Posted in Air, Change, Covid-19, Earth, Eastern Shore, Exploring, Fire, Gifts, Gratitude, Heartfulness, In these strange times, Life, Maryland, Mindfulness, Nature, Photography, Quotes, Spirit, Summer, Writing

Hanging laundry

On the clothesline this morning.

The beauty and mystery of this world only emerges through affection, attention, interest and compassion … open your eyes wide and actually see this world by attending to its colors, details and irony.

~ Orhan Pamuk

Washing the blues today.

I must like writing about laundry.  It’s a subject I come back to from time to time.  It’s not a subject I post about a lot, but it does show up — has shown up — somewhere on all of the blogs I’ve had over the years.  A search of Life in the Bogs turns up numerous little essays I wrote about laundry and one or two about ironing.  The same is true for Bountiful Healing although it will be difficult for people to find them because, for reasons I can’t remember or fathom, I privatized a bunch of posts.  (Someday, if I think it’s worth the time, I’ll go back and undo that.)  Quite a number of posts show up here, too, when I search for laundry, but most just seem to mention it rather than be the main subject of the post.

Side note:  Life in the Bogs and Bountiful Healing are no longer updated.  I do have another blog where I post a photo and a quote every now and then:  Morning Attitude.  That one is more for my own attitude adjustment — which is why I haven’t advertised it — but it’s open to the public and you’re welcome to visit anytime.

Patterns.

My mother once told me that she loved washing dishes.  I looked at her with open-mouthed surprise when she made that statement.  My memories of Mom and the dishes are the kind of recollections in which I’m being told to wash the dishes.  Do a chore kind of thing.  I think my assumption was that she wanted me to wash them so that she wouldn’t have to because she didn’t like doing the dishes.  It was woman’s work.  Washing dishes, cooking, cleaning, most of the indoor stuff, was considered woman’s work (or women’s work, if you want to get plural about it) back in those days, or at least considered so by the patriarch of the family (who has, since Mom died, learned to cook and clean for himself).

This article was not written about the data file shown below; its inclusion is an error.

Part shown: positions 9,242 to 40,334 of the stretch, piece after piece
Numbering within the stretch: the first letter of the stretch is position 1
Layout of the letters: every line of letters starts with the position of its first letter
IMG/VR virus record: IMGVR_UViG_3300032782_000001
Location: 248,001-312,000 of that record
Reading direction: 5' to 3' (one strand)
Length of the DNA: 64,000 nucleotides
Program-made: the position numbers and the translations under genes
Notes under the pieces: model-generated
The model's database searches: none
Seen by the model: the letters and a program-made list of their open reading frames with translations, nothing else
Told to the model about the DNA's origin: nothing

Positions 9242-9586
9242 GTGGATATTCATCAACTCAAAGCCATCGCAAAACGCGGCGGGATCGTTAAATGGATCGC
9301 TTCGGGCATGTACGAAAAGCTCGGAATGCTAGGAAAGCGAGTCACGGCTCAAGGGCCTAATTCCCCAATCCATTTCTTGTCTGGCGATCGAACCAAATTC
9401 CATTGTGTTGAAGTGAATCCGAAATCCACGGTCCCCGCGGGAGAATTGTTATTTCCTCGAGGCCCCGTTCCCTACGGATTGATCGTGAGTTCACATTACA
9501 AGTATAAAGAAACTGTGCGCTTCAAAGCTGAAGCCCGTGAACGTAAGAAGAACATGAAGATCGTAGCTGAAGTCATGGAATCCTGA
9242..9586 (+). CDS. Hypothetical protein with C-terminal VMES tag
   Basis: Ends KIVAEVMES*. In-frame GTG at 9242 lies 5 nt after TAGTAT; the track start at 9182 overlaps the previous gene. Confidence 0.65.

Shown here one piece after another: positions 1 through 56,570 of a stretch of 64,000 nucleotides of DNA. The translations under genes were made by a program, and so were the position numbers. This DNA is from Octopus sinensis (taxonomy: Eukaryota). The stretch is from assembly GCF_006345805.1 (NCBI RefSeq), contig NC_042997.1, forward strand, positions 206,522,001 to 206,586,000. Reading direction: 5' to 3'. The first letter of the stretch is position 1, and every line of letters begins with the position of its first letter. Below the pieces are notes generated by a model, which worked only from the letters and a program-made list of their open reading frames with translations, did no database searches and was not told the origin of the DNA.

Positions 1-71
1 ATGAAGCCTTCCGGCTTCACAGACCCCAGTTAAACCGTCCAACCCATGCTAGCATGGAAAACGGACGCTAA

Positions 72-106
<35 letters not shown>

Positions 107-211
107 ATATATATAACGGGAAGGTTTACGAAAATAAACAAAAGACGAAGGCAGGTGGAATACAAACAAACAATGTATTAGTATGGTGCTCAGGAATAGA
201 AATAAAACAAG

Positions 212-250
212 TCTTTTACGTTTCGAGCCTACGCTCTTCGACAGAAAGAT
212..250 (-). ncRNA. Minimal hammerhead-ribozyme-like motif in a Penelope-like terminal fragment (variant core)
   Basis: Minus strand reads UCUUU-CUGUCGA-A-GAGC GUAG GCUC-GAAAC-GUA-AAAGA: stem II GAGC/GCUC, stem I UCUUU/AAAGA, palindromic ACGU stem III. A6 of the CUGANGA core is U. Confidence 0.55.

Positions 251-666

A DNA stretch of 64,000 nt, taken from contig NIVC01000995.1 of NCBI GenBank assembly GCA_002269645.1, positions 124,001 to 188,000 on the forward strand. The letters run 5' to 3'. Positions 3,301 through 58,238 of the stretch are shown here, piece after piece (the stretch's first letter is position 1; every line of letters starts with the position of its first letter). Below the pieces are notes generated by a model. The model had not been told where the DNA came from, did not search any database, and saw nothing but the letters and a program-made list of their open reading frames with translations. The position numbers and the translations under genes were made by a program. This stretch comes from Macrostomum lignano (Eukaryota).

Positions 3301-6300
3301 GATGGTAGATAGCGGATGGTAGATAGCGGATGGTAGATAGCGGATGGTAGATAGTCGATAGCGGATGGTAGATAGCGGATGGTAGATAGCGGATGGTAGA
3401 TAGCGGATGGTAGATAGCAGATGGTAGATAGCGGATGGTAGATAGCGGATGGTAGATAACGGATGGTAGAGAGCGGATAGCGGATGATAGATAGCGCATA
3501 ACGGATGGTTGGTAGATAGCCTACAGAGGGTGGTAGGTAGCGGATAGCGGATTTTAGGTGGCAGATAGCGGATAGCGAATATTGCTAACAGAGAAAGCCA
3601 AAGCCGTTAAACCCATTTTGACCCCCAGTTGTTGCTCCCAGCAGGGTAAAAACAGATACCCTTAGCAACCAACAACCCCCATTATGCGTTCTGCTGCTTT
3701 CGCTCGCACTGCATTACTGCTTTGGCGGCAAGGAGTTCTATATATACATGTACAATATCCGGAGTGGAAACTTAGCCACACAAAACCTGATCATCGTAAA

Well, you know what they say about assuming or, specifically, the word assume.  (“It makes an ass out of u and me,” a boss from long ago told me.)  I wouldn’t go so far as to say that is a truth, but it has been true from time to time.  In this case, it was just a surprise.  I asked Mom why she liked doing the dishes and she told me that the main reason was because it gave her time to herself.  You see, nobody wanted to enter the kitchen when Mom was washing the dishes for fear that she’d make us do them.  No one stepped foot inside the kitchen until we heard the water in the sink being emptied and gurgling its way down the drain.

A loose thread.

I realized today that I feel the same way about hanging the laundry out on the line to dry as my mother felt about washing dishes.  It’s not just about the time to myself.  I get plenty of that throughout the day when M is at work (except, of course, during the beginning months of the pandemic when he was required to work from home).  I do cherish the alone time, but it’s also about the repetition of it (something else my mother liked about washing dishes).  There’s a meditative quality to it.  Pick up the article of clothing, shake it out, turn it the way you want to hang it, pin it up one clothespin at a time, move the line itself (I have an Amish style clothesline with a pulley system) and begin again until the line is full or I’ve run out of clothing to hang.

I like the light, the sunshine, the sky, the breeze or wind or air, the scents of the clean laundry and whatever the air is carrying (except for the days it is carrying the smelliness of chicken shit when the farmers are fertilizing their fields).  I like the sounds of the wind, the birds, the rustling of the leaves on the trees and the grasses in the marsh.  In the summer months, a hummingbird usually stops by to see me as I hang clothing on the line.  Sometimes he is buzzing me to let me know the feeder needs to be refilled.  Sometimes it seems as if he’s just saying hello or maybe he’s saying thank you for the sugar water.